Detroit Steel Artists: How Edsel Ford, Ray Dietrich, Tom Hibbard, and Ralph Roberts Turned Motor City into a Styling Mecca Before Harley Earl


Matthew Kilkenny


A groundbreaking book on how automotive styling was born, the artists who made it happen, and how Motor City was changed forever.

Printed in a large 12″ x 12″ format with 296 hardbound pages, Detroit Steel Artists is the first comprehensive story about the avant-garde artists of the automotive business—the industries’ outcasts who changed Motor City forever and made styling an important selling point in the early 1920s.

Styling is a given today for selling cars. How did that come to be? Societal changes, including the modernization of business and the women’s movement, were powerful factors for styling’s rise in significance. The forward-looking semi-custom car designs, from companies such as Le Baron and Dietrich, became a key strategy for styling’s acceptance in Detroit for production cars—before Harley Earl.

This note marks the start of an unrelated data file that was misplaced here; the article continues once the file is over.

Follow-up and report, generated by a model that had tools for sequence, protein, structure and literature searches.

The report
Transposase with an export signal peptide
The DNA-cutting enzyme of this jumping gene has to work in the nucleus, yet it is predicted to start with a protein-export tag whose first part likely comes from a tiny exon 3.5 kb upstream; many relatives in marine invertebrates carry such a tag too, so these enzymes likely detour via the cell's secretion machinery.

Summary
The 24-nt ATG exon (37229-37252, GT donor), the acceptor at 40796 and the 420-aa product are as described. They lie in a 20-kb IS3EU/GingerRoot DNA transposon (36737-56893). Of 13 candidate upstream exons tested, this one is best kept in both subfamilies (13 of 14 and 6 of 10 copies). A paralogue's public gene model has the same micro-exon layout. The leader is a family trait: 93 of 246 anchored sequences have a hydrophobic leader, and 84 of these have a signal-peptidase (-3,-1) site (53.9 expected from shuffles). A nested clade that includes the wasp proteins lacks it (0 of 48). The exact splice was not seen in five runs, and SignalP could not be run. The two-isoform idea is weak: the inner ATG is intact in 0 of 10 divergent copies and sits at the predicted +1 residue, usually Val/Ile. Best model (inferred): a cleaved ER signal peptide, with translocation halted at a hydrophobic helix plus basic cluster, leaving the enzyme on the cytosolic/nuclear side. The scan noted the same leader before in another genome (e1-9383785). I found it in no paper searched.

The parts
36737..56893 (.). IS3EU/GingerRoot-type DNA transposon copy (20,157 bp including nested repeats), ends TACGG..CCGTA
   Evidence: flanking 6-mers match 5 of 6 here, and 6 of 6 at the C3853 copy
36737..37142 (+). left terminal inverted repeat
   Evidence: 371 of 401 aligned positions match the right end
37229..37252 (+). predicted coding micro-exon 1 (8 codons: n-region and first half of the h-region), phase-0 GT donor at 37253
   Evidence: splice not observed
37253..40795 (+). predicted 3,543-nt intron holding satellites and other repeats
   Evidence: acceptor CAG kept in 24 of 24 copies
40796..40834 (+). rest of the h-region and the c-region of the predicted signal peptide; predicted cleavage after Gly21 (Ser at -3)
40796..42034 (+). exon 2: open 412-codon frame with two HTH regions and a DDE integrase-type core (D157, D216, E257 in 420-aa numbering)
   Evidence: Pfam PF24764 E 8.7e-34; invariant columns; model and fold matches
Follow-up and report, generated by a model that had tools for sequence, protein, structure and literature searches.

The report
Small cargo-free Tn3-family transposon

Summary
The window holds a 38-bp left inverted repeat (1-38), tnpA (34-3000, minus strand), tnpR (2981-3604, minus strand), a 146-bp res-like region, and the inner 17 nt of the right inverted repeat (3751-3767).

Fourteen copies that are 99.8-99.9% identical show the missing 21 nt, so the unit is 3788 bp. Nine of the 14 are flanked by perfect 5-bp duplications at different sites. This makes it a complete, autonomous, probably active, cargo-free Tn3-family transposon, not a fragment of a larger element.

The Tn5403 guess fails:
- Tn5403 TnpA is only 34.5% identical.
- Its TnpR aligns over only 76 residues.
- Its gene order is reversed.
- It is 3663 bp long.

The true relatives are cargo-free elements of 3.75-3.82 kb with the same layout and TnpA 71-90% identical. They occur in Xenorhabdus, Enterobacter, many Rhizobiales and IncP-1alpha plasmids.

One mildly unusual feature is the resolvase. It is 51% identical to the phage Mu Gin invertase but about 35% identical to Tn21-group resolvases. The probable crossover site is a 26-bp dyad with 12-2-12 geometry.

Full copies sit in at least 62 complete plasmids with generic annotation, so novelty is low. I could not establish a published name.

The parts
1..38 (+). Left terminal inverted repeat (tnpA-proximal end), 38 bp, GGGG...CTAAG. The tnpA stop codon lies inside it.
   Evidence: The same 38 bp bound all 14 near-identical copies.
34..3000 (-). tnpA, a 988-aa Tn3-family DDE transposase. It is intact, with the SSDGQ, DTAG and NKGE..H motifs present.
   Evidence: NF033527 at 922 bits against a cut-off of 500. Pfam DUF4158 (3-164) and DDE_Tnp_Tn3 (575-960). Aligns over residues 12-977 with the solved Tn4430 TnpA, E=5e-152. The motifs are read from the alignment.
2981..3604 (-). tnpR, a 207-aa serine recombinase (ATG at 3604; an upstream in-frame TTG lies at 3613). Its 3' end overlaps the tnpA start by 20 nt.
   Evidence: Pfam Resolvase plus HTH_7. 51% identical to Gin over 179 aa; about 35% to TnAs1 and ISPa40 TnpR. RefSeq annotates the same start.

Inspired by Edsel Ford’s vision, Ray Dietrich, Tom Hibbard, and Ralph Roberts battled with engineers and executives in drafting rooms and board rooms over design. Packed with lively first-person stories supported by extensive research, Detroit Steel Artists relates the successes and failures of these fascinating pioneering steel artists. With more than a hundred period and modern images, Detroit Steel Artists takes readers on a panoramic tour of some of the most beautiful cars of the Classic Car Era—the zenith of automotive design.